Cover your trays with plastic domes to keep moisture in, and set them under grow lights or by a sunny window. Seeds should germinate in about 2 weeks but can take up to a month.
Keeping your seedlings well-watered as they grow is important, but you don’t want to overdo it. Water just before the soil dries out, and run a fan every so often to help prevent fungal diseases like damping off.
Once your seedlings sprout, remove the plastic domes and keep them under grow lights. Water as needed to keep the soil from drying out and run a fan a few times a day for good air circulation.
When your seedlings are about 4 inches tall, you can harden them off by taking them outside during the day and bringing them back in at night. After a week of doing this, they are ready to go in your garden!
Growing from Seed Outdoors
You can also skip a few steps by directly sowing your agastache seeds outdoors in the spring. Just keep in mind that directly sown plants will take longer to bloom than ones started indoors.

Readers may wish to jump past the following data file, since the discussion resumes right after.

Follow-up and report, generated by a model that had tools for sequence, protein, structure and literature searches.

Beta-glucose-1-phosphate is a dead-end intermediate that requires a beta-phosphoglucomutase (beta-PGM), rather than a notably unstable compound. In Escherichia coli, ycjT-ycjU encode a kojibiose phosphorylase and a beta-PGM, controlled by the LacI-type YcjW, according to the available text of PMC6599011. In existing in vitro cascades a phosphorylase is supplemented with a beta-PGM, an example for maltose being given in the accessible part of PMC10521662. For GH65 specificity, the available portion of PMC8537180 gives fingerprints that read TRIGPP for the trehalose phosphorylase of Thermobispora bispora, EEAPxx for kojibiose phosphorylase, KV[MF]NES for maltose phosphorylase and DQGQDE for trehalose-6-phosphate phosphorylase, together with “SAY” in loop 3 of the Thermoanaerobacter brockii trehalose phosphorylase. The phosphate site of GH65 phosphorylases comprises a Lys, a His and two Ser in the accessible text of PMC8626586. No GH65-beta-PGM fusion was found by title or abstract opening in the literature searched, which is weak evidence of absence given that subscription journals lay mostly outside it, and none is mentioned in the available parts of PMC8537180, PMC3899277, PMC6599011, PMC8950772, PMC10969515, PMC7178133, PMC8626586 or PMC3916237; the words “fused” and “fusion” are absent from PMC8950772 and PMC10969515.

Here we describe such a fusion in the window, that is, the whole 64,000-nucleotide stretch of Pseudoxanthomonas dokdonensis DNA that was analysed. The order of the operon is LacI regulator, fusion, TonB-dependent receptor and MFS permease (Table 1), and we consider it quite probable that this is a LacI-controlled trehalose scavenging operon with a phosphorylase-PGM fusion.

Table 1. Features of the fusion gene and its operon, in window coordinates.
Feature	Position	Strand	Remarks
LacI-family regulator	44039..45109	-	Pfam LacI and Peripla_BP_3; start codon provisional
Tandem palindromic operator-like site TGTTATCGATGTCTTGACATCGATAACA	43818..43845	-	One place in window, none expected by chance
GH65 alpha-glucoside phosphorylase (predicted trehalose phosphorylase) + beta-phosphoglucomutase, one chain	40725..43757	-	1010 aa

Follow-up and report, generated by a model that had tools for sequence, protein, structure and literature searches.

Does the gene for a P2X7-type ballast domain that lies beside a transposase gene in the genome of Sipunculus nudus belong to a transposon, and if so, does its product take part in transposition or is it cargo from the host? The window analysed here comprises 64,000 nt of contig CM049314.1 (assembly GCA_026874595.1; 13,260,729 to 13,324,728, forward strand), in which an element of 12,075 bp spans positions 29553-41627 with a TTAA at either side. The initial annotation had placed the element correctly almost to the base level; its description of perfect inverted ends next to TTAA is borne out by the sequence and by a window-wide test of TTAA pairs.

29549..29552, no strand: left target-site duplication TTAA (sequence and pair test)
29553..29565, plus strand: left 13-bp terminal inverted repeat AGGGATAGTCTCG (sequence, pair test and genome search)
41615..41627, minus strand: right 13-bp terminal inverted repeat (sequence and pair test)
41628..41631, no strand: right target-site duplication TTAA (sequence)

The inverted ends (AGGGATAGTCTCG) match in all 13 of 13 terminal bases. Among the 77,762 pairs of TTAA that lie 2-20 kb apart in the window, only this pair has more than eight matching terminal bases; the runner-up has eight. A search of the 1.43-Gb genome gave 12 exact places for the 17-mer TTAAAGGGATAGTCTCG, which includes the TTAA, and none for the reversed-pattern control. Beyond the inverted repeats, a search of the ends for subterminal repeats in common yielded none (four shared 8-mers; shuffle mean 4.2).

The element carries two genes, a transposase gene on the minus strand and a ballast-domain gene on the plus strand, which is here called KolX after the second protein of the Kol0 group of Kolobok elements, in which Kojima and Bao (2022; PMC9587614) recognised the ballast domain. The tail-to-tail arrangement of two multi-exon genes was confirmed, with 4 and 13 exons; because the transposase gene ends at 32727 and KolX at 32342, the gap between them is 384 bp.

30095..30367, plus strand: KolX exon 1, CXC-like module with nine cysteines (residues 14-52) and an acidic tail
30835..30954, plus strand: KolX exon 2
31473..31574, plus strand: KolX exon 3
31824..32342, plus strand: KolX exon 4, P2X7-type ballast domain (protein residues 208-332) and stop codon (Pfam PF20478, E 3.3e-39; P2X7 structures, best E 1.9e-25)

Seeds should be planted after the danger of frost has passed in the spring. Get them ready a month ahead of time by putting them through the cold stratification process explained above.
After your last frost date, choose the area where you want to plant your seeds and clear it of weeds and debris. Rake the surface smooth to give yourself a place to sow seeds. Then, scatter your seeds on top of the soil and press them in gently.
Water the area where you planted seeds and keep it from drying out while they germinate. Germination should happen in 2-4 weeks.
Planting seeds outdoors is easier but plants will be behind those started early indoors. For a really hands-off approach, sow seeds in fall and let them sprout on their own in the spring.
Another easier option for directly sowing seeds is to do it in the fall. Winter will do the stratification process for you, and the seeds will sprout exactly on time in the spring.